Parents forgive for 'catastrophic' birth

16:00, Feb 18 2011

There was an emotional end to the inquest into the death of baby Adam Barlow yesterday as his parents made a joint statement forgiving everyone involved in their son's "catastrophic" birth.

"We don't want our son to be remembered as the baby who died at the hands of a flawed maternity system," Mr Barlow said. "We want him to be remembered as the baby who brought about positive change in the maternity sector for the good of future mothers and babies."

Mr and Mrs Barlow's request to make the statement brought an end to a two-week inquest involving 25 witnesses and nine lawyers before Coroner Gordon Matenga.

"In 14 years I have never dealt with this request," Mr Matenga said. "It is unusual, but I will allow it based on the fact that coroner's inquests have become a source of closure and healing for the people involved."

Supported by his wife and addressing Mr Matenga, Mr Barlow described how his family now wanted to move on. He made particular mention of their midwife, Jennifer Rowan. "Jenn was also a victim of the current training system which needs to be changed," he said. "She has had a terrible start to her career."

The training of midwives came under intense scrutiny yesterday as New Zealand Midwifery Council chairwoman Dr Sally Pairman was asked to outline current training and ongoing education for new graduate midwives.


Counsel to assist the coroner, Chris Gudsell QC, asked Dr Pairman whether the council would seriously consider compulsory supervision of all graduate midwives if it was a recommendation made by Mr Matenga.

"It's a case of whether it would be practical," Dr Pairman said. "We are already willing to make it compulsory for all new midwives to take part in our First Year of Practice Programme, where they have access to mentors, but this is something the government would need to commit to."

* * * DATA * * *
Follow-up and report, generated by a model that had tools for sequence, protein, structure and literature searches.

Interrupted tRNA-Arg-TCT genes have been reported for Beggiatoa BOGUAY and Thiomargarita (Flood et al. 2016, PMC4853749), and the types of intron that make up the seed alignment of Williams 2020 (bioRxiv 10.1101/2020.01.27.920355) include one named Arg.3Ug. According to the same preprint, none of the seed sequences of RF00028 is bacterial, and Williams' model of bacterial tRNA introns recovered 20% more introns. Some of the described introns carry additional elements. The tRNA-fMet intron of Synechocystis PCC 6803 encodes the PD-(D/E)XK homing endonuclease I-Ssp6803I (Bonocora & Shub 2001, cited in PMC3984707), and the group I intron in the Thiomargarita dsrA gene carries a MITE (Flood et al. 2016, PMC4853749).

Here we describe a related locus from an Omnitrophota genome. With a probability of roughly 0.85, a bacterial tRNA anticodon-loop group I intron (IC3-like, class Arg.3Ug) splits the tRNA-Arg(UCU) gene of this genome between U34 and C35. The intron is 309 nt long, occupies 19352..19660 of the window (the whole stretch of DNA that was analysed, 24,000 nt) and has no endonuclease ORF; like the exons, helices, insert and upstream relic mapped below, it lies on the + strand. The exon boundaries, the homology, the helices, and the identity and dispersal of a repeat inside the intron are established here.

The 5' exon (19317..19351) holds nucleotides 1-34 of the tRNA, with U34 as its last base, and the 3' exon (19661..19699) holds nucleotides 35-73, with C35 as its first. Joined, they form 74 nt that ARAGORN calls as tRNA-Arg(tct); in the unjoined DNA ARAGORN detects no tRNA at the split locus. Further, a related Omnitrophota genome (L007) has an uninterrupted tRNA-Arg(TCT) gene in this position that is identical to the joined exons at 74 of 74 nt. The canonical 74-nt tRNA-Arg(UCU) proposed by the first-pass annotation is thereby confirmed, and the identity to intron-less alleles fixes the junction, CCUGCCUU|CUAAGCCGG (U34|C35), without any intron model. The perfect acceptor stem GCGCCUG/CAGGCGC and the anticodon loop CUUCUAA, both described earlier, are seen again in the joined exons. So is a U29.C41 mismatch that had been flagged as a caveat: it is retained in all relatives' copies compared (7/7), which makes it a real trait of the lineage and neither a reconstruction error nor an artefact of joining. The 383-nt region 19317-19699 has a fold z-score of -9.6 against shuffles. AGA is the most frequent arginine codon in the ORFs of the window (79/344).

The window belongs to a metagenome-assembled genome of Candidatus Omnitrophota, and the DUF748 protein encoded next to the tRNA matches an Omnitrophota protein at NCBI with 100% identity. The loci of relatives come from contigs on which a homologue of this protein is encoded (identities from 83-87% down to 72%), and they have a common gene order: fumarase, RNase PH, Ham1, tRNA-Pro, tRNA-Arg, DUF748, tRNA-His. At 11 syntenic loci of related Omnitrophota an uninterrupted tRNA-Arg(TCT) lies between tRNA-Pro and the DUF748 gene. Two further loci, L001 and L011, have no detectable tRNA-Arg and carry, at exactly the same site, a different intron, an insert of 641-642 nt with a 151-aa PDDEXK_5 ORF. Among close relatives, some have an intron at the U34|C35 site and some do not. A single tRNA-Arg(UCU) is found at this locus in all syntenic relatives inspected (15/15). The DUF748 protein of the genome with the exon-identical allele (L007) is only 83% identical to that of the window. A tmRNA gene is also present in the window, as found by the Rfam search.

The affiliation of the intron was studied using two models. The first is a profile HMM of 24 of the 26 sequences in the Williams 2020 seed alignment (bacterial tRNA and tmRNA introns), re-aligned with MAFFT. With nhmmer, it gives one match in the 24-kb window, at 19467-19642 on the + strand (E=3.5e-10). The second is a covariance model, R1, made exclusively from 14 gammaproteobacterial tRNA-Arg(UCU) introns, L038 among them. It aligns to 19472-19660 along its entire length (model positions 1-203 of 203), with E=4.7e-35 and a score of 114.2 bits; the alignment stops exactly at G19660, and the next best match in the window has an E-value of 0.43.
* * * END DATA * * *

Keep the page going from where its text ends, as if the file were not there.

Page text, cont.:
Earlier Dr Pairman said she would not comment specifically on the Barlow case in the event it could become the subject of further future investigations.

But the Barlows' lawyer, Kate Davenport, challenged this stand based on a report written by Dr Pairman last year which described a media report on the Barlow case as "media incompetence" and "misinforming the public".

"So you have already formed a view on this case?," Ms Davenport asked.

"That report was my personal opinion showing the general misreporting of midwifery cases in the media which portrays the profession as being unsafe," Dr Pairman said. "The media tend to overstate the role of the midwife and show a general lack of understanding of the systems and protocols in place."

In closing, Mr Matenga extended his condolences to the Barlows. He said he was sure none of the maternity care providers wanted the outcome they had experienced when baby Adam died after a prolonged labour in October 2009.

"I'm sure they have all learned something from this," he said. "More than that, I hope everyone in the system will learn from this so it doesn't happen to anyone else."

Mr Matenga is expected to release his findings later in the year.

Waikato Times